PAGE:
NHTSA and Tesla release statements concerning fatal accident involving Autopilot system

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The USA’s National Highway Traffic Safety Administration (NHTSA) and Tesla Motors have both released statements concerning a fatal accident that involved a Model S saloon, which had the auto maker’s Autopilot automated driving system feature activated.

The NHTSA has announced that it will look at whether the Autopilot function performed as expected, or was at fault. The NHTSA’s official statement says:

“NHTSA’s Office of Defects Investigation is opening a preliminary evaluation of the design and performance of automated driving systems in the Tesla Model S.

“NHTSA recently learned of a fatal highway crash involving a 2015 Tesla Model S, which, according to the manufacturer, was operating with the vehicle’s Autopilot automated driving systems activated. The incident, which occurred on May 7 in Williston, Florida, was reported to NHTSA by Tesla.

“NHTSA deployed its Special Crash Investigations Team to investigate the vehicle and crash scene, and is in communication with the Florida Highway Patrol. Preliminary reports indicate the crash occurred when a tractor-trailer made a left turn in front of the Tesla at an intersection on a non-controlled access highway.

“During the Preliminary Evaluation, NHTSA will gather additional data regarding this incident and other information regarding the automated driving systems.”

The Autopilot feature is currently installed in 25,000 Tesla Model S vehicles, but the company is keen to emphasize that it is in public beta testing mode. In the company’s online blog, which it uses for public press releases, Tesla states,

“NHTSA is opening a preliminary evaluation into the performance of Autopilot during a recent fatal crash that occurred in a Model S. This is the first known fatality in just over 130 million miles where Autopilot was activated. Among all vehicles in the USA, there is a fatality every 94 million miles. Worldwide, there is a fatality approximately every 60 million miles. It is important to emphasize that the NHTSA action is simply a preliminary evaluation to determine whether the system worked according to expectations.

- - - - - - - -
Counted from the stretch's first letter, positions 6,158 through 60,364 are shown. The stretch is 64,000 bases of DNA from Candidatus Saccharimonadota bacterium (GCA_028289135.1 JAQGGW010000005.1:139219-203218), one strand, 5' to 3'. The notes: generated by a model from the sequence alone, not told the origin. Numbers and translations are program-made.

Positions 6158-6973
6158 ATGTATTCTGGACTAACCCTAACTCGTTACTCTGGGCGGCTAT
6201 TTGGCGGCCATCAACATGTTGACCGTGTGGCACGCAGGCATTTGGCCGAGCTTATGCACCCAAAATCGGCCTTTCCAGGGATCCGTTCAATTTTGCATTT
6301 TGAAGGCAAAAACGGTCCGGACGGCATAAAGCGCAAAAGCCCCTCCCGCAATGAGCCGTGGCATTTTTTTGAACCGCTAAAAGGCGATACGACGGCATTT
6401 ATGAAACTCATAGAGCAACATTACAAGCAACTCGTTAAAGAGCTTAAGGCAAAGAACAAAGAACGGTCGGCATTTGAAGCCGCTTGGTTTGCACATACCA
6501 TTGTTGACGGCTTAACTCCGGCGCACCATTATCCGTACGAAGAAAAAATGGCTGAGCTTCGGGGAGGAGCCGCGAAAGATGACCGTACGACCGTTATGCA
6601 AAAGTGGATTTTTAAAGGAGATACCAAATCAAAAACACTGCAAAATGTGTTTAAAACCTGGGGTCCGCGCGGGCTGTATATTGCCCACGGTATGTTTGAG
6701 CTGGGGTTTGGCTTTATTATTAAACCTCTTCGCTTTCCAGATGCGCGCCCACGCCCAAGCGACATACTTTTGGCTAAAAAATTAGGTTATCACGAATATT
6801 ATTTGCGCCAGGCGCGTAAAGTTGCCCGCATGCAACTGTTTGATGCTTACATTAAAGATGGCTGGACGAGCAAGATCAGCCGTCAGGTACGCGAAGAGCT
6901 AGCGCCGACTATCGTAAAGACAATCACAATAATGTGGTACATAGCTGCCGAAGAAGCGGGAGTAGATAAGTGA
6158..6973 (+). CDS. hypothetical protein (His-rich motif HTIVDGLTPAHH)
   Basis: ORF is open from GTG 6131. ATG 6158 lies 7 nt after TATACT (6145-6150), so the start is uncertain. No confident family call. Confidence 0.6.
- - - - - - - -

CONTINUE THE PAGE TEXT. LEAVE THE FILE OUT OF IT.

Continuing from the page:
“Tesla informed NHTSA about the incident immediately after it occurred. We know that the vehicle was on a divided highway with Autopilot engaged when a tractor trailer drove across the highway perpendicular to the Model S. Neither Autopilot nor the driver noticed the white side of the tractor trailer against a brightly lit sky, so the brake was not applied. The high ride height of the trailer combined with its positioning across the road and the extremely rare circumstances of the impact caused the Model S to pass under the trailer, with the bottom of the trailer impacting the windshield of the Model S. Had the Model S impacted the front or rear of the trailer, even at high speed, its advanced crash safety system would likely have prevented serious injury as it has in numerous other similar incidents.

“It is important to note that Tesla disables Autopilot by default and requires explicit acknowledgement that the system is new technology and still in a public beta phase before it can be enabled. When drivers activate Autopilot, the acknowledgment box explains that Autopilot ‘is an assist feature that requires you to keep your hands on the steering wheel at all times,’ and that ‘you need to maintain control and responsibility for your vehicle’ while using it. Additionally, every time that Autopilot is engaged, the car reminds the driver to ‘Be prepared to take over at any time.’ The system also makes frequent checks to ensure that the driver’s hands remain on the wheel and provides alerts if hands-on is not detected.

“Autopilot is getting better all the time, but it is not perfect and still requires the driver to remain alert. Nonetheless, when used in conjunction with driver oversight, the data is unequivocal that Autopilot reduces driver workload and results in a statistically significant improvement in safety when compared to purely manual driving.

“The customer who died in this crash was a friend to Tesla and the broader EV community, a person who spent his life focused on innovation and the promise of technology and who believed strongly in Tesla’s mission. We would like to extend our deepest sympathies to his family and friends.”

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Tom has edited Traffic Technology International magazine and the Traffic Technology Today website since he joined the company in May 2014. Prior to this he worked on some of the UK's leading consumer magazine titles including Men's Health and Glamour, beginning his career in journalism in 1997 after graduating with a law degree from the London School of Economics (LSE).

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